Lack of suggested reading assignments. [This is a minor point.] For the most part, Lilly’s chapters correlated with the week materials [e.g. during our valvular week, I read the valvular heart disease chapter], but sometimes I wished the lecturers would point out important pages to preview or review. Not all of the professors used images from the textbook, but for the ones that did, it would have been easier to keep up earlier on [I figured it out within a couple of weeks, but still…].

Communication. Everyone working in a group setting could work on this [myself included!] and I think that you can always fall back on this as an area of improvement. Specifically, I thought that although I really enjoyed hearing certain things over and over again, that sometimes the redundancy was a bit too much. For the most part, each lecturer knew what the other lecturers discussed, but there were still some times when I heard the same concept repeated almost the same way and I didn’t think it really helped much. This is most likely a preference thing, though.

Consistency in quality of lecture slides. As with any academic institution, some Powerpoint presentations are formed better than others. Truly, I think it’s an art — being able to cram a ton of important information into slides and keep it interesting? Well, that’s quite difficult and I don’t claim to know the secret to doing this well, but with how many slides I’ve seen in my years… I have an idea of what I like. For example, placing images on a slide without labels doesn’t really help us when we go back to review the slide: Is that little black thing the problem? Or is it that white stuff? Or maybe that growing thing off the side? Wait, is that normal? Or, putting a couple of words on a slide: Mitral valve, stenosis, regurgitation. So I just used up 1/6 of my page to print 4 words? I’m trying to be environmentally-friendly here! 

For the most part, this wasn’t a problem, but hey, it doesn’t hurt to mention it.

Time in lecture. Being the person in charge of turning on the recording equipment and assisting the lecturers with their education technology needs [i.e. where did my Powerpoint file go? how do I go back? why did the screen go black!? *throws hands in the air*], I need to be at every lecture. Of course, I could have someone cover for me… but I’m pretty proud to be one of the few ridiculously dedicated lecture-attending-students [you know who you are!]. Anyway, we spend a lot of time in lecture and sometimes I find that it is more detrimental than helpful to sit in our rather uncomfortable lecture hall chairs [future classes, you are so lucky]. There are definitely some places that could be shaved down as to reduce a couple of hours each week of lecture-time, but I understand that with the first run-through that everything has to be as complete as possible.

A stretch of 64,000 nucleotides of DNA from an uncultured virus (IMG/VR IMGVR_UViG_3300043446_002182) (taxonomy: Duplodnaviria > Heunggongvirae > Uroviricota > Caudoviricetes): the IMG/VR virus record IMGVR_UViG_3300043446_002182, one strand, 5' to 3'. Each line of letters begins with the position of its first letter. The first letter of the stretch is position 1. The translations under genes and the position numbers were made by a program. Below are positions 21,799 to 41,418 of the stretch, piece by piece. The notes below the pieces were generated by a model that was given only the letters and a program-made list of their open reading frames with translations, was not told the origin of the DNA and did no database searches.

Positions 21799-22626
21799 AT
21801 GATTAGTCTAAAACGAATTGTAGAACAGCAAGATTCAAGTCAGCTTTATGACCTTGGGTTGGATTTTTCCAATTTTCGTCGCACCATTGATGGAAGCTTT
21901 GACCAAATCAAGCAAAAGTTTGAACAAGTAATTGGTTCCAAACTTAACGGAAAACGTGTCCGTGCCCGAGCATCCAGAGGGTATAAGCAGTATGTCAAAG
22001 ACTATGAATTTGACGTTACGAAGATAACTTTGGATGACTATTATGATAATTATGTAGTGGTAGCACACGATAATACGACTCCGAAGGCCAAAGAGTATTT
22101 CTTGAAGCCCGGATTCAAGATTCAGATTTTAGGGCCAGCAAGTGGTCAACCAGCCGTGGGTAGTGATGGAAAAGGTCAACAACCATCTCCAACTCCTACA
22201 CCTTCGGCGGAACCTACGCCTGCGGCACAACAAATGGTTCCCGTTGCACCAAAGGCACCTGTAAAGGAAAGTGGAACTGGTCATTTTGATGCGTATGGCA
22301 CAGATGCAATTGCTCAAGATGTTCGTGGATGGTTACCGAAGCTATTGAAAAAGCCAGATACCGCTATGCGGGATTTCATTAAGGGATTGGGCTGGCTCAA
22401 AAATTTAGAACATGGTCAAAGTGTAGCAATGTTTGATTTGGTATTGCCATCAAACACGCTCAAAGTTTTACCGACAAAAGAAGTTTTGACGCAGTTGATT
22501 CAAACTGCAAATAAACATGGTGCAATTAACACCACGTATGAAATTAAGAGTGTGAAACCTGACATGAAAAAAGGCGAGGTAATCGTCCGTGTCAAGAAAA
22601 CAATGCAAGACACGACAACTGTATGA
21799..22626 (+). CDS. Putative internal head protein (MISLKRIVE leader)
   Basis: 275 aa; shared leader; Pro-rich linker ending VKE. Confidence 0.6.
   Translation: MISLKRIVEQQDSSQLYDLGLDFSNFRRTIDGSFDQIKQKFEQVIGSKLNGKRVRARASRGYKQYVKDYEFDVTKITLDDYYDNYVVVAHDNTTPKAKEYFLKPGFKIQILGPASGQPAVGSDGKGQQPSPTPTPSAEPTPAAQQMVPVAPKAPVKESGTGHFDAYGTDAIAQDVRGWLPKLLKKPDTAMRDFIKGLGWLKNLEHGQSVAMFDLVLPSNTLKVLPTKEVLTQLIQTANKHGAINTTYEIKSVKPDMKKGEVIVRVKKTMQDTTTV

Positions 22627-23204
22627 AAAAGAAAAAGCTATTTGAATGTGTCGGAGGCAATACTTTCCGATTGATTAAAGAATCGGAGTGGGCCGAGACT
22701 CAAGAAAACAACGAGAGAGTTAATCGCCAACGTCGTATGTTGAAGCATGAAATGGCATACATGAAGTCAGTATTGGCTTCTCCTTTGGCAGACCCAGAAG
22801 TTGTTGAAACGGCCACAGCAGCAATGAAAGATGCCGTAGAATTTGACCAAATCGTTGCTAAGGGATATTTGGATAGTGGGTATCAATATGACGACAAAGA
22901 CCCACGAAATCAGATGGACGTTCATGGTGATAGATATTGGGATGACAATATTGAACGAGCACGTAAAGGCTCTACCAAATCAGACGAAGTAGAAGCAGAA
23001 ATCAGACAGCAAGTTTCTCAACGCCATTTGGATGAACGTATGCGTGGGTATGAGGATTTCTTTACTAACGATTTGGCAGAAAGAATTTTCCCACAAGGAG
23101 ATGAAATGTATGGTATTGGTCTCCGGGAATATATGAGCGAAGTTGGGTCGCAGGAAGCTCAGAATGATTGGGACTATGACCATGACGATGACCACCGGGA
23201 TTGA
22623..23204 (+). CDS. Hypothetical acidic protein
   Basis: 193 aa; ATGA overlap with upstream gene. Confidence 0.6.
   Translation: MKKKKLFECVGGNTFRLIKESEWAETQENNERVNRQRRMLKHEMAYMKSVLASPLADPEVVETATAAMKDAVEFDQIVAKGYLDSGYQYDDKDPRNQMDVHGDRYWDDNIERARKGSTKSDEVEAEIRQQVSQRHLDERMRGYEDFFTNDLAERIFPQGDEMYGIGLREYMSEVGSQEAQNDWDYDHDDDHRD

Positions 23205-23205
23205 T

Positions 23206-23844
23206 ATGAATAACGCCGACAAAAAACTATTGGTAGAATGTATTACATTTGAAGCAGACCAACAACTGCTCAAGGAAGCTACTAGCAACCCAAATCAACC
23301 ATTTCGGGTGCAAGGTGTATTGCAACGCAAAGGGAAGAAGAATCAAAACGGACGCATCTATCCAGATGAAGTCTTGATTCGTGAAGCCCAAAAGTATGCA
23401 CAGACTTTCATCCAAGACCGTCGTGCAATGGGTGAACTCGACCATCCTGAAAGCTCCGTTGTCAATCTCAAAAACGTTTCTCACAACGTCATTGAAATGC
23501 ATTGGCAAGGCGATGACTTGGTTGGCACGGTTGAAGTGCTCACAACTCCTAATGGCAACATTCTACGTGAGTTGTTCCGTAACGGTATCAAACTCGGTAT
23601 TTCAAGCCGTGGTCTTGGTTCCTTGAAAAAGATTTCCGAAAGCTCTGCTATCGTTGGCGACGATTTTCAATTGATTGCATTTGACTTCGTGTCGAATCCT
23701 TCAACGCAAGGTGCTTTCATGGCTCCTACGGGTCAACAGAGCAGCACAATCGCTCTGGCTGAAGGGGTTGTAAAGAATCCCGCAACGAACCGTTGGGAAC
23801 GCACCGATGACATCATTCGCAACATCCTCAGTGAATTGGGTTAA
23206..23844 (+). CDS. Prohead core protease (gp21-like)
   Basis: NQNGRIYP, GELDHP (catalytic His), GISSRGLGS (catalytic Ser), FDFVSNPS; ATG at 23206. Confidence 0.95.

Final thoughts
Dr. Goldstein and Dr. Augustyniak [I couldn’t find a link for him anywhere…] really did a wonderful job with this course and overall, I’m extremely satisfied. Our Respiratory block is starting off strong on Monday… but it’s Friday now so I’ll worry about that stuff come Sunday evening.

Have a wonderful, relaxing weekend everyone!

6 thoughts on “Day 237: Block 2 – Cardiovascular

  • April 7, 2012 at 4:37 am

    This is my first visit and really loved every bit, yes the The weekly quizzes are always exiting. you brought back my memories!@Lisa Women Health

  • April 9, 2012 at 1:49 am

    The case studies sound super interesting! It is awesome to hear about how much clinical stuff you guys are doing already.

    How are the anatomy labs run? Are they challenging?

    I got to go to a couple of the heart disease lectures which was really cool too! You probably saw me…

  • April 9, 2012 at 5:17 pm

    @Lisa: Thanks for stopping by! I hope you’ll be returning in the future. =)

    @Tommy: Anatomy labs really aren’t challenging, per se… they’re more like guided exploration of a particular set of structures in the human body. Essentially, each 2-hour lab session we have a set of dissection instructions and an ultimate goal for the lab [e.g. take out the heart from the chest cavity]. There’s always a list of structures to identify [e.g. pericardium, aorta, pulmonary trunk, etc] that we’ll end up being tested on during our Anatomy Practical Exam at the end of the block. We “operate” on the same cadaver in our TBL groups.

    I didn’t see you! Then again, I’m usually in my own world and pretty focused on getting the technology set up. Next time you’re around, please come say “hi” to me! I feel like we’re friends even though we haven’t met IRL haha.

  • April 10, 2012 at 2:41 am

    I’m taking anatomy lab right now which is bio 206 for us and it is honestly so much fun but it is a ton of work. for one measly credit…

    And I have bad news… I was told by the friend that I went to your lectures with that someone was talking about us being there and about how they didn’t actually want us there :/ so I guess we won’t be attending the lectures anymore but I’m sure I’ll see you around!

  • April 10, 2012 at 12:47 pm

    @Tommy: Anatomy Lab now will definitely help you when you get to medical school — just being familiar with the terms makes a huge difference. Plus… think of it this way — if it were more credits, it would cost more… so you’re getting more bang for your buck!

    I can understand why you guys wouldn’t be the most welcome had you not gotten permission beforehand. If you contact admissions and ask them, they would ask professors for permission to attend certain classes. Otherwise, our students pay $40k+/year so it’d make sense that our classes weren’t free for anyone to attend!

  • April 12, 2012 at 11:49 am

    I completely agree! That is what we said even before we started attending. We just wanted to get a taste of what it was like to attend a medical school lecture. It was a great experience! Makes me want to go like 12931209830129380 times more…..